All the training in the world could not have prepared Bangor firefighters for the April 30, 1911 disaster. A “perfect storm” of events that included a relentless southerly wind and a serious spring drought tested the men’s endurance.
At first, the ringing of Box 24 on lower Broad Street around 4 p.m. seemed a minor matter. Nuisance fires were commonplace in that warren of warehouses and storage barns, and J. Frank Green’s three-story hay shed at 176 Broad St. had seen several fires since 1908. But there was something different about this call, as Green’s shed erupted into a seething caldron, reportedly ignited by idlers smoking.
“Hundreds thronged to view the spectacle of the blazing building,” wrote Michael J. Callinan in his “A True Story of the Fire,” “little dreaming that from this small bulding a conflagration, covering an area of over sixty acres, would result.”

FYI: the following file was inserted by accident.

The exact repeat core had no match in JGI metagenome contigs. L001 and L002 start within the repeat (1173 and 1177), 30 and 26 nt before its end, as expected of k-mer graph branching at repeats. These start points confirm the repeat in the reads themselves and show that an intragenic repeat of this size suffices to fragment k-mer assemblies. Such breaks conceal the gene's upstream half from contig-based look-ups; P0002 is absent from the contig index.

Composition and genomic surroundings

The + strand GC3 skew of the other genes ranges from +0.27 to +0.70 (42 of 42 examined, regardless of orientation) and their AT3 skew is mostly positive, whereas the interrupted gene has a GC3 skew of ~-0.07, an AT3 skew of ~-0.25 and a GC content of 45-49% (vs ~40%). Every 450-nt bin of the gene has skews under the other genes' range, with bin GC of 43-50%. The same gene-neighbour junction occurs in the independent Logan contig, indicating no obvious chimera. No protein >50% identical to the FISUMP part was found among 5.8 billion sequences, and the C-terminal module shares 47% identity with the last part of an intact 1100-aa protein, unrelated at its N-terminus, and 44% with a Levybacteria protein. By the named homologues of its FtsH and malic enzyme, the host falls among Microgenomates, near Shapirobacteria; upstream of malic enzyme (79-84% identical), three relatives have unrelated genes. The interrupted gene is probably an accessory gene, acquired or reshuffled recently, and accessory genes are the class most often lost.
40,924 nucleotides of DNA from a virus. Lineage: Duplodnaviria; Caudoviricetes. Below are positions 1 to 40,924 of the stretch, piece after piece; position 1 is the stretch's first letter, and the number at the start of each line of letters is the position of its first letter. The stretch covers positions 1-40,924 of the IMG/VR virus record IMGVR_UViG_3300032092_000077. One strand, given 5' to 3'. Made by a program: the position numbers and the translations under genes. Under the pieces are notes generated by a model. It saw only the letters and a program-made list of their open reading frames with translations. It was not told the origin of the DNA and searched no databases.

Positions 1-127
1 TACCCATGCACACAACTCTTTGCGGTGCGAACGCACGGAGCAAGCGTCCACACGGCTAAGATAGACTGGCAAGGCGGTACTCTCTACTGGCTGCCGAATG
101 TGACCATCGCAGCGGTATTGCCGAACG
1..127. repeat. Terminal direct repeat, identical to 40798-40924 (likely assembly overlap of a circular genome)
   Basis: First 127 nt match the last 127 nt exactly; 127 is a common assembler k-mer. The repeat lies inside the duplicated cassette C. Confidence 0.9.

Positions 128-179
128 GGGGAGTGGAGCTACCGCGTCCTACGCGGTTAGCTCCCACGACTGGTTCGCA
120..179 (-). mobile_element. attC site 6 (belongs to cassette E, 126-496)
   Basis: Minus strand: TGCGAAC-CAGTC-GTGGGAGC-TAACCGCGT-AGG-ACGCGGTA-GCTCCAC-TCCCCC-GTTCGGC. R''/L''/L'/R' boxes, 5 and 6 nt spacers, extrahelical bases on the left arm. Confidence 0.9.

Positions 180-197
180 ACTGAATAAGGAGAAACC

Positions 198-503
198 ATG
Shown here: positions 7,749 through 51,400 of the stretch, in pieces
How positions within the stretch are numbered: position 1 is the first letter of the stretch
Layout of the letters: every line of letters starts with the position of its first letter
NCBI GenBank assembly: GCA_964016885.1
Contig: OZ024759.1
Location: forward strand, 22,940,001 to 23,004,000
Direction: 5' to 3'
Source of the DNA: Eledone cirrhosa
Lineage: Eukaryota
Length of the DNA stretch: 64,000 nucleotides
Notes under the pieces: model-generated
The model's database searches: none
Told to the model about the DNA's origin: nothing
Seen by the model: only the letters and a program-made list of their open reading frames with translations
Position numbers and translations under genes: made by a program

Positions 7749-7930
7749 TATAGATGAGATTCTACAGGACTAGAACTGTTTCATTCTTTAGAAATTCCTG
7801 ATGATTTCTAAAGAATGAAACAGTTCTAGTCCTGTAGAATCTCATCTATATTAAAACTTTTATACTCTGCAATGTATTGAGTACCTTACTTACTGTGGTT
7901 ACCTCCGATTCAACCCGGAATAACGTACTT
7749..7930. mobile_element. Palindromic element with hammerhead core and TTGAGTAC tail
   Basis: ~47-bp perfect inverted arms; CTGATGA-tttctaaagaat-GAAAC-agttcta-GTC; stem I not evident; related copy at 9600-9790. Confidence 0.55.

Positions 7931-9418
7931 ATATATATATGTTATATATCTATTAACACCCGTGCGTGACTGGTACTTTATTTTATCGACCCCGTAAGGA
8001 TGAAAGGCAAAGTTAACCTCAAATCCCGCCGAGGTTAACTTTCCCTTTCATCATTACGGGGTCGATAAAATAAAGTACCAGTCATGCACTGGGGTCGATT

Chief William Mason summoned every fire apparatus from the city’s seven fire stations. As horses pulled steamers and fire wagons down Broad Street, flames were spotted across the stream on Exchange Street as the telephone exchange ignited. Thus began a race against time as fire crews chased one hot spot after another. Adding to their misery was the loss of Central Fire Station on Harlow Street and Hose 1 near State and Exchange streets.
Mayor Charles Mullen telegraphed Portland, Waterville, Lewiston and Augusta, all of which sent fire companies by special trains. When the smoke cleared, the disaster had claimed two lives. John Scribner, a 70-year-old shoemaker, died as the walls of the seven-story Morse-Oliver building collapsed. And 41-year-old volunteer firefighter George Abbott perished later that night when a chimney collapsed on Penobscot Street. Both men were from Brewer.
“Every (fire)man worked as though he was saving his own home from destruction…,” wrote Callinan. “The destruction of a larger number of restaurants made it practically impossible for the men to get food but they worked none the less valiantly. …”